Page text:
Of course, with “Value Them Both’” and “Value Her Choice” signs spiked into lawns, roadside billboards blaring “Stop the ban: Vote No” or “Vote Yes,” radio and television ads on full spin cycle, it would be hard not to sense the ambient urgency astir in Kansas.

As the last weekend before the Aug. 2 vote unfolds, both campaigns are stepping up radio and television plugs—at least $2 million is being spent on TV ads over the last week, tracking company AdImpact reports—and will dispatch teams of canvassers to hit the streets, often in the same shopping centers and neighborhoods at the same time.

The Value Them Both Coalition maintains that its canvassers have knocked on 100,000 doors. Mayor Quinton Lucas of Kansas City, Missouri, has joined abortion rights advocates knocking on doors on the Kansas side of the river. 

The “Value Them Both” amendment was placed on the ballot by state lawmakers following two-thirds supermajority votes in both chambers in January 2021. 

A “yes” vote would amend the Kansas Constitution to essentiality assert that the state Legislature has the sole authority to pass laws regarding abortion.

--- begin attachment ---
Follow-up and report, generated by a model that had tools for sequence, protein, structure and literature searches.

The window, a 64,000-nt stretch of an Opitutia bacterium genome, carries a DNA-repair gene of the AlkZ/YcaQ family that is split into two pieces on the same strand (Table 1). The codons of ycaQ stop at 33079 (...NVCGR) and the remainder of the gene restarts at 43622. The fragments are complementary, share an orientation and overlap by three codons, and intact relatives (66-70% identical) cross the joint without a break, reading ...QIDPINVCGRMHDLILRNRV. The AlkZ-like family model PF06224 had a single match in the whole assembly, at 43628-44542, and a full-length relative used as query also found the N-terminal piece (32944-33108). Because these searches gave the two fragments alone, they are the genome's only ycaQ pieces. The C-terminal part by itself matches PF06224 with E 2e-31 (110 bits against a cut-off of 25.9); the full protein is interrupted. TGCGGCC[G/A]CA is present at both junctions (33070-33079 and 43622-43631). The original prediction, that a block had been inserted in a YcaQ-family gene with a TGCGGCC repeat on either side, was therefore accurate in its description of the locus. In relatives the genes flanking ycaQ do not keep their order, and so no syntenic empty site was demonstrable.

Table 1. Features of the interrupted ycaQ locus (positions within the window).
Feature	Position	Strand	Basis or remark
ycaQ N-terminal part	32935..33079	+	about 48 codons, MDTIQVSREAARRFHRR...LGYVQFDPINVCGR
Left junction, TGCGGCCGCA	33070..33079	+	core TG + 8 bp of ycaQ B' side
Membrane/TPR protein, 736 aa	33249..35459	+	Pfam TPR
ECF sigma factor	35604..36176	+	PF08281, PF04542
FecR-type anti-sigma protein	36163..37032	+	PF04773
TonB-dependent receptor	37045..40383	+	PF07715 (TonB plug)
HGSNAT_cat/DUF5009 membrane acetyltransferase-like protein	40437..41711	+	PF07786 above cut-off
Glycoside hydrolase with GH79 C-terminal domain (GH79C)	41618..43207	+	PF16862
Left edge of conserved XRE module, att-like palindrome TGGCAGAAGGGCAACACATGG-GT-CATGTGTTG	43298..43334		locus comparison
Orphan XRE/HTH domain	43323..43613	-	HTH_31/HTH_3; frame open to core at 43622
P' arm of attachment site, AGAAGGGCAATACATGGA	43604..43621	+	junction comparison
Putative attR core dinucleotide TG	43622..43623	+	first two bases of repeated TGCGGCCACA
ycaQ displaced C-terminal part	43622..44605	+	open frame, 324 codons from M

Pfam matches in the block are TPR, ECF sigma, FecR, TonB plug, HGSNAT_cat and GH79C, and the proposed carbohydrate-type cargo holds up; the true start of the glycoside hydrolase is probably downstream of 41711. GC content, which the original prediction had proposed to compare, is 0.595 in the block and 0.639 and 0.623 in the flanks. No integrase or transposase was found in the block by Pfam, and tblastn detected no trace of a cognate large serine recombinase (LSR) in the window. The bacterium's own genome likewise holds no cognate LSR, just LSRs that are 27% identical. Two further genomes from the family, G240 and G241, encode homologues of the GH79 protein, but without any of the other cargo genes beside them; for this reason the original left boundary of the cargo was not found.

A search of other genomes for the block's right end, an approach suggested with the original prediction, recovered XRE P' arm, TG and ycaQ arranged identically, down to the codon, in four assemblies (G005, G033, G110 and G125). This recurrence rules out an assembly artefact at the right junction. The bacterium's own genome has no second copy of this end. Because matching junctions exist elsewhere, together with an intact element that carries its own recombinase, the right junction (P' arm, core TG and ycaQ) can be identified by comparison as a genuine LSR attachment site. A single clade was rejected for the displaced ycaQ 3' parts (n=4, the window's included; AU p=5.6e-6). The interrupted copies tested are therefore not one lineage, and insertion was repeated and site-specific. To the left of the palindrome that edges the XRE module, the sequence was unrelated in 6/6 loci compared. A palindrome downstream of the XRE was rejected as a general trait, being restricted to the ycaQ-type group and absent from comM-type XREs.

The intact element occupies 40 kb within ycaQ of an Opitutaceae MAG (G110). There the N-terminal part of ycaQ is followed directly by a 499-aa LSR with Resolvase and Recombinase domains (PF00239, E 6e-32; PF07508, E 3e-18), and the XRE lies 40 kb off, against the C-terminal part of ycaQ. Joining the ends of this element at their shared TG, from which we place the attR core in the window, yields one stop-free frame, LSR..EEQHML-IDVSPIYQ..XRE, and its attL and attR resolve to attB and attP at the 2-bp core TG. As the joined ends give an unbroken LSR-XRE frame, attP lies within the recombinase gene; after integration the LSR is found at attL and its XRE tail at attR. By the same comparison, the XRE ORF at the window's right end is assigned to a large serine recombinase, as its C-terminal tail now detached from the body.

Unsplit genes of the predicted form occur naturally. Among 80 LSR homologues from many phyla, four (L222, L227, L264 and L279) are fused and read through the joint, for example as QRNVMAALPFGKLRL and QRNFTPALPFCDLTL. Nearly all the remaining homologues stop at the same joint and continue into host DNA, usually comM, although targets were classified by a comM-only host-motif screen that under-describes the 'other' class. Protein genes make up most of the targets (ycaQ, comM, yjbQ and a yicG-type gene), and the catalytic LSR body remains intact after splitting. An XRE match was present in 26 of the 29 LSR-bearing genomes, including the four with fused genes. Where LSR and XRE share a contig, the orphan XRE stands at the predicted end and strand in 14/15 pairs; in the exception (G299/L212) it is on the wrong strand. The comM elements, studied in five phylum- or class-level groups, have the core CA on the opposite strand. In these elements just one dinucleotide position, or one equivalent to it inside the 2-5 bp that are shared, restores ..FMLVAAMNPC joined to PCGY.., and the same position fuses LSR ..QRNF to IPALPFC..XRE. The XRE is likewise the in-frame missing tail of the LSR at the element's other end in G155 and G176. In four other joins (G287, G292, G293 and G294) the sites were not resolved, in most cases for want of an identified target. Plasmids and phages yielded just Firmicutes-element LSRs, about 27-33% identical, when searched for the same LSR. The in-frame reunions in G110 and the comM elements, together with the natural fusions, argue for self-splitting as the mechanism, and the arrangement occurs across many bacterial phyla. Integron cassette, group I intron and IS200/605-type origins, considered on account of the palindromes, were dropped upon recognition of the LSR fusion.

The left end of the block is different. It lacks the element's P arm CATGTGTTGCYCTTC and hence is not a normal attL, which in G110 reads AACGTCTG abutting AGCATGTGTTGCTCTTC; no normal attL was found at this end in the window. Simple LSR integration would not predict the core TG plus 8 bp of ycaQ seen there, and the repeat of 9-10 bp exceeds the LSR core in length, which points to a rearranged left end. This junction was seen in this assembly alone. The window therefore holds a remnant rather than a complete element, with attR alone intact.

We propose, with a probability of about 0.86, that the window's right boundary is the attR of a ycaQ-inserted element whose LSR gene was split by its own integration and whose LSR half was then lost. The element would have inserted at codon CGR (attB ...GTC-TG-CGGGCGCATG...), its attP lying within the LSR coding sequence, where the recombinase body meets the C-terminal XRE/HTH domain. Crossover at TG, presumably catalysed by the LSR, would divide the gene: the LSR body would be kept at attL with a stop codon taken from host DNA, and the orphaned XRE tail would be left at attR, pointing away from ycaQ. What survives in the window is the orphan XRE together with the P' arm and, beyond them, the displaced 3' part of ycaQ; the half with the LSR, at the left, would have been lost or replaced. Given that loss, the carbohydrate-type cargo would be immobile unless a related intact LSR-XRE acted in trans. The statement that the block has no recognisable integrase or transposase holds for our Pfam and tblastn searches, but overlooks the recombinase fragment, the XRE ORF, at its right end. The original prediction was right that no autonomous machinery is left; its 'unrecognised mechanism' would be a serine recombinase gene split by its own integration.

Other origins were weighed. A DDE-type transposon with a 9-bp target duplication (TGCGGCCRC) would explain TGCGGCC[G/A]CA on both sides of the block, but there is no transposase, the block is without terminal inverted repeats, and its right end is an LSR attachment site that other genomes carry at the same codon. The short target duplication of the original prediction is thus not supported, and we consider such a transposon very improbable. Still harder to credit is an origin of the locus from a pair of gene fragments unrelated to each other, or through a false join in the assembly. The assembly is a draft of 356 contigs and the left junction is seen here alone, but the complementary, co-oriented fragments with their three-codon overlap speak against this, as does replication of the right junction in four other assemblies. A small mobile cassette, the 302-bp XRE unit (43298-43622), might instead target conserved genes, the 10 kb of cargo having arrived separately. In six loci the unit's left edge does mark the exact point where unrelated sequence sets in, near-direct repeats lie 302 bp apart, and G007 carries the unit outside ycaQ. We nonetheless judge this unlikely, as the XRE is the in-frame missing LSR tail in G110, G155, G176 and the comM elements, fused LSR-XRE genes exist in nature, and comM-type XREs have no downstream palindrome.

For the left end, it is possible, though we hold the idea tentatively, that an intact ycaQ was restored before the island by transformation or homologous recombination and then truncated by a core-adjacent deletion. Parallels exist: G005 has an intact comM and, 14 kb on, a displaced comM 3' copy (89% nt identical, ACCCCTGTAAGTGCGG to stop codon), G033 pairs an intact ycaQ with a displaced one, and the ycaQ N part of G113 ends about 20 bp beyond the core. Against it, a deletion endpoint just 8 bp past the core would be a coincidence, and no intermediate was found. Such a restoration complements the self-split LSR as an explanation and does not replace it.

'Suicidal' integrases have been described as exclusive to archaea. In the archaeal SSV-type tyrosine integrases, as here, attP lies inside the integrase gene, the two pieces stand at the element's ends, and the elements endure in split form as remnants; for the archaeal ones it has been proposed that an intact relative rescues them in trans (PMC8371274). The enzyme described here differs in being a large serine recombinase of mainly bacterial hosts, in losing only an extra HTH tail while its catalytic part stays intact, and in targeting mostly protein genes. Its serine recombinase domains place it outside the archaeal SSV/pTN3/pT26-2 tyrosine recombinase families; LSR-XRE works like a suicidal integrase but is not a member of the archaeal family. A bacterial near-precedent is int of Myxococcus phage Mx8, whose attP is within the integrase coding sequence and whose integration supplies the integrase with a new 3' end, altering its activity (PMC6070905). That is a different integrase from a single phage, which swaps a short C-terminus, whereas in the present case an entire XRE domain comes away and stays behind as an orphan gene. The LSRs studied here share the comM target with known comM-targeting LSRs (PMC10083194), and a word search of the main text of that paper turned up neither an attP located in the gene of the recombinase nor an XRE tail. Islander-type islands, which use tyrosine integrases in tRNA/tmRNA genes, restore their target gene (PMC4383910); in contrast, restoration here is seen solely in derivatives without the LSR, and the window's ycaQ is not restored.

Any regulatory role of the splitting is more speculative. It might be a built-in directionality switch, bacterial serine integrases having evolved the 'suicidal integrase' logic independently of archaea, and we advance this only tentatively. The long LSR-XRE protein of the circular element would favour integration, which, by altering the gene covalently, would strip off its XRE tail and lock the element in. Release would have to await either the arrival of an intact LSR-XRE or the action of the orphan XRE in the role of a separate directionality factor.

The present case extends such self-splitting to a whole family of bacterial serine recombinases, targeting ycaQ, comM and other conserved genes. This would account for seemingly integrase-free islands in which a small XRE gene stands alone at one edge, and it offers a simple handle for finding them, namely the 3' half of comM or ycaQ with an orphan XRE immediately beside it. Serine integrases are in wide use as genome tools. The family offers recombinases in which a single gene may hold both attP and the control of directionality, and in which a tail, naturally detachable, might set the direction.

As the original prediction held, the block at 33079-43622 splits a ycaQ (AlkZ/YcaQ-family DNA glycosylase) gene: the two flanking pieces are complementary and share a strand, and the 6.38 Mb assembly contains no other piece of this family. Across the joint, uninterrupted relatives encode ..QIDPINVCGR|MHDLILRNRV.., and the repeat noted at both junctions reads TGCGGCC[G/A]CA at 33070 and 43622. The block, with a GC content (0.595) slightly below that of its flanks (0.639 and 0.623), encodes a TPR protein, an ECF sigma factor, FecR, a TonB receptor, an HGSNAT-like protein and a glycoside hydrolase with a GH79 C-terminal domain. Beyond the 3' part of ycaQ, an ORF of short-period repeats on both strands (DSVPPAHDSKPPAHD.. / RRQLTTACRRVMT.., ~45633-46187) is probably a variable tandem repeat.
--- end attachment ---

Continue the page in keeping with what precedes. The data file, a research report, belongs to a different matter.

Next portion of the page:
Pro-Life lawmakers and Right-to-Life organizations have push for reasserting legislative authority since the state’s Supreme Court overturned the 2015 Kansas Unborn Child Protection from Dismemberment Abortion Act in its 2019 Hodes & Nauser, MDs, PA v. Schmidt ruling.

The 2019 decision determined that the state Constitution’s Bill of Rights protects a woman’s right to an abortion, making Kansas one of 10 states where court rulings granted the right to abortion.

The Value Them Both Coalition says the measure is necessary to ensure that the Sunflower State doesn’t become “a destination state for the abortion industry.”

According to the coalition, if voters don’t adopt the amendment, “reasonable” regulations on abortion, such as parental consent, waiting periods, and restrictions later in pregnancy, are near certain to be “wiped away” in legal challenges.